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WW1 Heroes
06: Richard Ayres
Private: 5th Battalion, Gloster Regiment Richard (Dick) Ayres was the third child of William Ayres (born Sherston 1836) and Martha née Bowley (born Sapperton c1837). William and Martha had nine children in all, the first four, Richard included, being born at Frampton Mansell. Some time before 1871, the family moved to Avening and Richard's five younger siblings were born and baptised in the village. Richard was born on Friday the 29th of July 1864 and was a scholar living with his family on the High Street at the time of the 1871 census. He was still there ten years later but, by then, was working as a farm labourer. He married Mary Ann Jones on Sunday the 1st of September 1889 and they had three children over the next five years. He became a farm carter and moved with his family around the village, Tetbury Hill in 1891 and Old Hill in 1901. He joined the Gloster Militia just after he was married and for the next twenty years was a part-time soldier on the National Reserve. It was because of this military knowledge that he was called up immediately the war started. However, at fifty years of age he was considered too old for front line service and so was placed on Home Defence duties. In 1915 he was based at Winchester and on the night of Friday the 30th of July (the day after his 51st birthday) he was scheduled as part of a guard party on the railways at Winchester. Whilst waiting to relieve the guard at midnight at St Cross signal box, he was struck by a passing steam engine and died instantly. An inquest was held the following day reaching a verdict of "Accidental Death". His body was conveyed by rail in a special coach to Tetbury station and he received a full military funeral at Avening Church on Thursday the 5th of August. He left his wife, then aged 50, a daughter Amelia, by then married, aged 26, and two sons, both on active service, John aged 24 and Arthur aged 21. His grave can be seen in the church burial ground. I am grateful to Mrs Gwynneth Richards, his great granddaughter, for her assistance in this research.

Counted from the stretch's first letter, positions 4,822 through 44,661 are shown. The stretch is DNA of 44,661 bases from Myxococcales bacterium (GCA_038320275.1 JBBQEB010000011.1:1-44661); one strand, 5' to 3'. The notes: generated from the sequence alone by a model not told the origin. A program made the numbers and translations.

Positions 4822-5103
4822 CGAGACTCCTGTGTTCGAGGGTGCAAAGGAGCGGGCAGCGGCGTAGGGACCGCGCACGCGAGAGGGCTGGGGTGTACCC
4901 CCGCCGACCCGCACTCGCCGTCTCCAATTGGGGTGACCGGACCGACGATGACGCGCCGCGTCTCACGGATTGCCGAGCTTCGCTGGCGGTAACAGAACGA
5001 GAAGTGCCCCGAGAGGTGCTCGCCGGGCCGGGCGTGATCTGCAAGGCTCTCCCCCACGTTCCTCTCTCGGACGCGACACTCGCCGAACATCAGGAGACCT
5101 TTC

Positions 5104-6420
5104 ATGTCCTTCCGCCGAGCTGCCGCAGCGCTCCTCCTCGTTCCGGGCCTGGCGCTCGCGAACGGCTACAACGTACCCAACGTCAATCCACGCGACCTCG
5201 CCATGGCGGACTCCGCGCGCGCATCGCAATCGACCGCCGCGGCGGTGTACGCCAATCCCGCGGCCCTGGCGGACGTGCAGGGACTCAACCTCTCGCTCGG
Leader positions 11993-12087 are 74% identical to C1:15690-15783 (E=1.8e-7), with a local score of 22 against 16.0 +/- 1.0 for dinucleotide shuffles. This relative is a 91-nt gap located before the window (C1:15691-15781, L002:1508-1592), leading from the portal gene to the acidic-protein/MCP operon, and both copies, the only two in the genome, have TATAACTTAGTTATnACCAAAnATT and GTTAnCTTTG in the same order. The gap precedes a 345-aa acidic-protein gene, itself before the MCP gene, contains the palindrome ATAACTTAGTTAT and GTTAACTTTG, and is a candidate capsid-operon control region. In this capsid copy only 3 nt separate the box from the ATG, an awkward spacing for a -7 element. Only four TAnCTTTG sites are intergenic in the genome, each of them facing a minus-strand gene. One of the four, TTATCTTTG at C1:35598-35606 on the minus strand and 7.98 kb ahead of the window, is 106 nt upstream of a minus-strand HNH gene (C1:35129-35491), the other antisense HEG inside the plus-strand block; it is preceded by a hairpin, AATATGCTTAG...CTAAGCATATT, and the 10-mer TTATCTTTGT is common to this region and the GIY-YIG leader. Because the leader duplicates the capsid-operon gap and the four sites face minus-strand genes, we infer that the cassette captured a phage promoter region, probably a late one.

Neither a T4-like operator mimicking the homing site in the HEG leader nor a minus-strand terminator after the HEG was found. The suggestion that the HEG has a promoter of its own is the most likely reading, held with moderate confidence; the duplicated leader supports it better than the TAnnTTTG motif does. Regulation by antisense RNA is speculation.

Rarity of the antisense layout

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06 Richard Ayres
Private: 5th Battalion, Gloster Regiment Richard (Dick) Ayres was the third child of William Ayres (born Sherston 1836) and Martha née Bowley (born Sapperton c1837). William and Martha had nine children in all, the first four, Richard included, being born at Frampton Mansell. Some time before 1871, the family moved to Avening and Richard's five younger siblings were born and baptised in the village. Richard was born on Friday the 29th of July 1864 and was a scholar living with his family on the High Street at the time of the 1871 census. He was still there ten years later but, by then, was working as a farm labourer. He married Mary Ann Jones on Sunday the 1st of September 1889 and they had three children over the next five years. He became a farm carter and moved with his family around the village, Tetbury Hill in 1891 and Old Hill in 1901. He joined the Gloster Militia just after he was married and for the next twenty years was a part-time soldier on the National Reserve. It was because of this military knowledge that he was called up immediately the war started. However, at fifty years of age he was considered too old for front line service and so was placed on Home Defence duties. In 1915 he was based at Winchester and on the night of Friday the 30th of July (the day after his 51st birthday) he was scheduled as part of a guard party on the railways at Winchester. Whilst waiting to relieve the guard at midnight at St Cross signal box, he was struck by a passing steam engine and died instantly. An inquest was held the following day reaching a verdict of "Accidental Death". His body was conveyed by rail in a special coach to Tetbury station and he received a full military funeral at Avening Church on Thursday the 5th of August. He left his wife, then aged 50, a daughter Amelia, by then married, aged 26, and two sons, both on active service, John aged 24 and Arthur aged 21. His grave can be seen in the church burial ground. I am grateful to Mrs Gwynneth Richards, his great granddaughter, for her assistance in this research.
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